A new untested ground, an unpaid-for pavilion, and a fresh war in the offing – these were the prospects, great and grim, facing Radlett Cricket Club on April 23, 1938, when the new pavilion was finally opened.
A simple structure made of red cedar wood and built on brick stilts, it was first reached by steps leading from just off the boundary to a verandah, two dressing rooms and a tea-room. There was no separate score-box then, just an enclosed ‘box’ in the pavilion, equipped with ‘tins’ – numbers on tin squares – and a huge wooden flap which was opened up during play. Tools and equipment were kept in a garage built in to the pavilion next to the kitchen and – at last – a bar.
Many months of hard slog on the ground, which was a ploughed field when purchased, led to the opening game on Saturday, May 30, only to see St. Albans soundly beat Radlett’s second team. The firsts fared no better at Clarence Park. But Ivor Golby – quickly in on the act – struck the club’s first ton (127 not out) at Cobden Hill next day in a drawn game against Mill Hill seconds.
Averaging 31.9 that year, Golby later came second in the first team batting averages below former Essex player Capt. F. Nicholas (33.5), who is credited as the first victim of a Cobden Hill pitch when he was knocked out while batting in a draw against Bushey. Peter Woodbridge hit the ground’s first official six that day.
An unpredictable wicket and lack of availability – as it often is nowadays – were the excuses trotted out for first team results of P22, W3, D9, L10. Poor fielding often let the side down, notably against Mill Hill which raised the comment in a match report: “Some of our team will keep their hands in their pockets – shall buy them some fielding gloves”.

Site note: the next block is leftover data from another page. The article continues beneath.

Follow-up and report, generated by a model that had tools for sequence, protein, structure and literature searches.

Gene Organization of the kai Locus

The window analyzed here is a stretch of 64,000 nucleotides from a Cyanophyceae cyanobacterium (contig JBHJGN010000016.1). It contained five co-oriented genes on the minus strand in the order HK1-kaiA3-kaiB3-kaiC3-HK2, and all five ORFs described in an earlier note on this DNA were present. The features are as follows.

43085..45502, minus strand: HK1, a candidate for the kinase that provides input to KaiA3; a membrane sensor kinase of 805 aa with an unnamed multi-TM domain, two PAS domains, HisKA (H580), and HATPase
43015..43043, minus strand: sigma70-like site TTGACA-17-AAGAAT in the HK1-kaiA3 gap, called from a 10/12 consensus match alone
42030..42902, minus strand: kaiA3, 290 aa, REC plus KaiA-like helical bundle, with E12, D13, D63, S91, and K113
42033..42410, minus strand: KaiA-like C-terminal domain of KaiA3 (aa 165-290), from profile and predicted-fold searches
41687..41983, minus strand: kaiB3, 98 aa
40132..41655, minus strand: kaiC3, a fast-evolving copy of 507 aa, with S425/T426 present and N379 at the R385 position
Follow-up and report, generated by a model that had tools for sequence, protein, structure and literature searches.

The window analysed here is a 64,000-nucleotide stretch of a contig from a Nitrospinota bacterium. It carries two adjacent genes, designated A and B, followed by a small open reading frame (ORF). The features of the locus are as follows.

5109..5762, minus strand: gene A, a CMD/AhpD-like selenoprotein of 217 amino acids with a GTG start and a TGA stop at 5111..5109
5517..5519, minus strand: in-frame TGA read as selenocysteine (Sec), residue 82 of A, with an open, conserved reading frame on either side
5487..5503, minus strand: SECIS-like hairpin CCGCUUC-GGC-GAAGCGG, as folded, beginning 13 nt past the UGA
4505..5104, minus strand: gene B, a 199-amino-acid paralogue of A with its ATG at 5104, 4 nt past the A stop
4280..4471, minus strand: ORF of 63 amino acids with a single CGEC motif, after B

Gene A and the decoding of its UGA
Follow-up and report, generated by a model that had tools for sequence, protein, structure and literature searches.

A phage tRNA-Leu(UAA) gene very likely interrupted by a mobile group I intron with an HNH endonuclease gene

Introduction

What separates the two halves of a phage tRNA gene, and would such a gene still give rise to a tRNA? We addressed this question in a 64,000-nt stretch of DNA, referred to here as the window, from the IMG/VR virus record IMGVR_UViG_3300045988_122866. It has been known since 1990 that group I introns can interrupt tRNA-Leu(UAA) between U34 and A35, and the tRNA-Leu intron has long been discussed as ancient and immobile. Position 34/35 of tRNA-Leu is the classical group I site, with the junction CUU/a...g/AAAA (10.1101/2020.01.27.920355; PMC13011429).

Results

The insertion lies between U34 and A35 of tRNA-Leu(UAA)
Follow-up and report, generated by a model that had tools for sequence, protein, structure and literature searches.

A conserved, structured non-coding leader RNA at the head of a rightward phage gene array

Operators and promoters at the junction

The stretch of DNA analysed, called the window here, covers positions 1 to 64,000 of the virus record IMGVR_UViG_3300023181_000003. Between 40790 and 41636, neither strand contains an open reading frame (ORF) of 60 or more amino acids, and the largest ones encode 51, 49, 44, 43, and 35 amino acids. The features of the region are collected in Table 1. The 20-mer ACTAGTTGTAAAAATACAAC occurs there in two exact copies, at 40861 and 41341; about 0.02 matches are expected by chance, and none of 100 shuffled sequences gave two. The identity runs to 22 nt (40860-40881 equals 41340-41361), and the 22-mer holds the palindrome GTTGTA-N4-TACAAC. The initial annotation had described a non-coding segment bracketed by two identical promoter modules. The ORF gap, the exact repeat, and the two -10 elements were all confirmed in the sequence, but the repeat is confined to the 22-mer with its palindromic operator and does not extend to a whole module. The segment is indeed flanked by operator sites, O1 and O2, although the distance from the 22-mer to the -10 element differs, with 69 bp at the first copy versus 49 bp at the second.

But the Club more than made up for previous lapses in their match v Harpenden when nine men were caught. There was also a very prolific scorer called “Extras”. Radlett gave away 30 v. Bishop’s Stortford and Harrow Wanderers, though they gained as many back from Harrow and Hampstead.
The opposition, if anything, grew stronger on Sundays. Ian Peebles (Middlesex) took six wickets against Radlett for the Optimists, John Human (Middlesex) hit 84 for Repton Pilgrims to follow his 71 against Notts, the previous day.
On one occasion seven county players played either for or against the Club. Radlett certainly did things in style then. In a revival of an old fixture, a Club XI played a Radlett tradesmen’s XV.
But poor performances on the field were matched by a superb showing off it. June 6 saw the most ambitious fund-raising project ever undertaken by the Club. The staging of a huge fair in the field behind Wall House Dell, backing on to Watling Street. Brunton, who became Club president after Leonard Reid’s death in 1938, had provided the ground – now the Club had to pay for a pavilion.
There was a tremendous build-up with noisy lorry loads of supporters dressed up as pirates careering round the local towns besieging pubs, shops and railway stations from London to Bedford. And on the day, long distance trains stopped specially at Radlett.
Some 14,000 visitors came to enjoy over 30 sideshows along with dodgems, swing-boats and the roundabouts which Colby had charge of – “My head was spinning for days afterwards”. Star attractions such as ‘Bashing the beacon’, ‘Fishing for fizz’, ‘Smashing up the happy home’ and ‘Tip me out boat’ all provided good healthy (and violent?) fun. An anti-aircraft brigade put on a shooting display taking pot shots at an RAF plane.
There were fireworks, a non-stop viewing tent for one of the very first television sets, and 1,500 coconuts were ordered for the coconut shy. Efforts were rewarded. The Club raised £751 4s. 6d. – about £11,000 today (1984).
For England cricket too it was an eventful year. Hutton scored 364 at the Oval against Bradman’s Australians, which was then the world’s highest individual test score.